Bioblitzes: discovering nature in our south african forestry landholdings

Case study
15 November, 2023
3 minute read
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Mondi people using the iNaturalist app to digitally record and identify all types of trees, plants and animals

Earlier in 2023, scientists and Mondi employees, including some enthusiastic naturalists, got together to discover what animal and plant species occur on our South African forestry landholdings.

These field-based initiatives are called ‘BioBlitzes’ with the aim of identifying as many species as possible and compiling a snapshot of the biodiversity present in a certain area. The goal was to better understand how we can contribute to conserving biodiversity on our forestry landholdings.  

Over 100 people embarked upon our ‘Species Field Days’, which were organised as part of the three-year partnership between the Endangered Wildlife Trust (EWT) and Mondi. The motivated observation team were supported by 10 biodiversity experts specialised in different types of flora and fauna of the region, including some EWT staff.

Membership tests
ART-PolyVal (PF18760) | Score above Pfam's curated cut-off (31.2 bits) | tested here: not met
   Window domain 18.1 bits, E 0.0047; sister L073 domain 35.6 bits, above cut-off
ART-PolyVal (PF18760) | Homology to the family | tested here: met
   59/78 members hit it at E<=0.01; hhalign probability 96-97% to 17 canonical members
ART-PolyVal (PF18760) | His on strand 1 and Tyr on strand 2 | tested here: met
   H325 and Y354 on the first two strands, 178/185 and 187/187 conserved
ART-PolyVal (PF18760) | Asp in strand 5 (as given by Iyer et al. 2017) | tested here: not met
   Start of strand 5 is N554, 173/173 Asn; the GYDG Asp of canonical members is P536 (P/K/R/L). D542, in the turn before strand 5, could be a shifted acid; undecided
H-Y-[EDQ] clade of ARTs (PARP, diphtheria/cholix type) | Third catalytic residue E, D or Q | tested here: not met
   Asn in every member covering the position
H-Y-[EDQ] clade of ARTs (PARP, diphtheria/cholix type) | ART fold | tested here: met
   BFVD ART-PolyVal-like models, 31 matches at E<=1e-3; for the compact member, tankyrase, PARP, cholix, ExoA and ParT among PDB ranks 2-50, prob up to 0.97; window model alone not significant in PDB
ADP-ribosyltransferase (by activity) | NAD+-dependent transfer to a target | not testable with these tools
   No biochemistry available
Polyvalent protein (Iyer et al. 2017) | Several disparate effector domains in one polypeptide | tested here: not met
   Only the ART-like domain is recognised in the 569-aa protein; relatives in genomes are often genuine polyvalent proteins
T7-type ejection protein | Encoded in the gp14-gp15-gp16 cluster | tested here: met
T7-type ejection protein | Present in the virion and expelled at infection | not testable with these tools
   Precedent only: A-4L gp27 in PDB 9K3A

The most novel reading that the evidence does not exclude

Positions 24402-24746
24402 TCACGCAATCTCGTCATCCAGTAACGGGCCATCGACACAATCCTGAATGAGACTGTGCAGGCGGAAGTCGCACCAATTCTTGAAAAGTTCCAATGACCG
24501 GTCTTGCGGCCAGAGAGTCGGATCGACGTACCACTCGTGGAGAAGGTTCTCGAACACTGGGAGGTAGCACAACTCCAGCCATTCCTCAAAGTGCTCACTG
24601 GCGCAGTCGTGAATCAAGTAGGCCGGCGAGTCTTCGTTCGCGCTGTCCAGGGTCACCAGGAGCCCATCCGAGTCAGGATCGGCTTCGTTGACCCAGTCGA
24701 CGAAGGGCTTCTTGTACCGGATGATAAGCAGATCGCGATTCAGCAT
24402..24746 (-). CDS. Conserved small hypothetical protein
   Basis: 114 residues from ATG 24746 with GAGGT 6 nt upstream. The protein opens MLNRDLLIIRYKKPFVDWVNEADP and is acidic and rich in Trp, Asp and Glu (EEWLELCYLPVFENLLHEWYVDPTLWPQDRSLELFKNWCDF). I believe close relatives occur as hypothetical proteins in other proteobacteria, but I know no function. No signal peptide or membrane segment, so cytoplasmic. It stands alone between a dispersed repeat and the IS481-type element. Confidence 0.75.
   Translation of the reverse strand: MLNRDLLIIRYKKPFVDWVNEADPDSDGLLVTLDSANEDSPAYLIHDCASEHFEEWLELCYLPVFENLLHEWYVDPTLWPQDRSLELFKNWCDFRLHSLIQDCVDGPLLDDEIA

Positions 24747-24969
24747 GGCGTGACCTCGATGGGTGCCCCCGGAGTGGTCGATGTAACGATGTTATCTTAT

It was great fun to discover and identify species in the field. I almost felt like a scientist for a day! I gained more insights into the variety of plants and animals living in the areas within which I work. I never knew such a range of species existed in these areas."

  • - Precilla Seeparsad, HSE Coordinator at Ringomode

These records are helpful in building long-term observations of species on our forestry landholdings as part of a larger process of evaluating the state of ecosystems and populations of material species. This will in turn allow us to periodically track our biodiversity management efforts on our forestry landholdings, and to set robust science-based targets to improve our conservation efforts going forward. 

As part of our MAP2030 sustainability framework, Mondi has committed to conduct biodiversity assessments at its mills and forestry landholdings by 2025. We identify important biodiversity sites around our operations, evaluate environmental aspects that may affect the range of living species and develop action plans. 

Find out more about our landscape-level approach and how we manage ecosystems.

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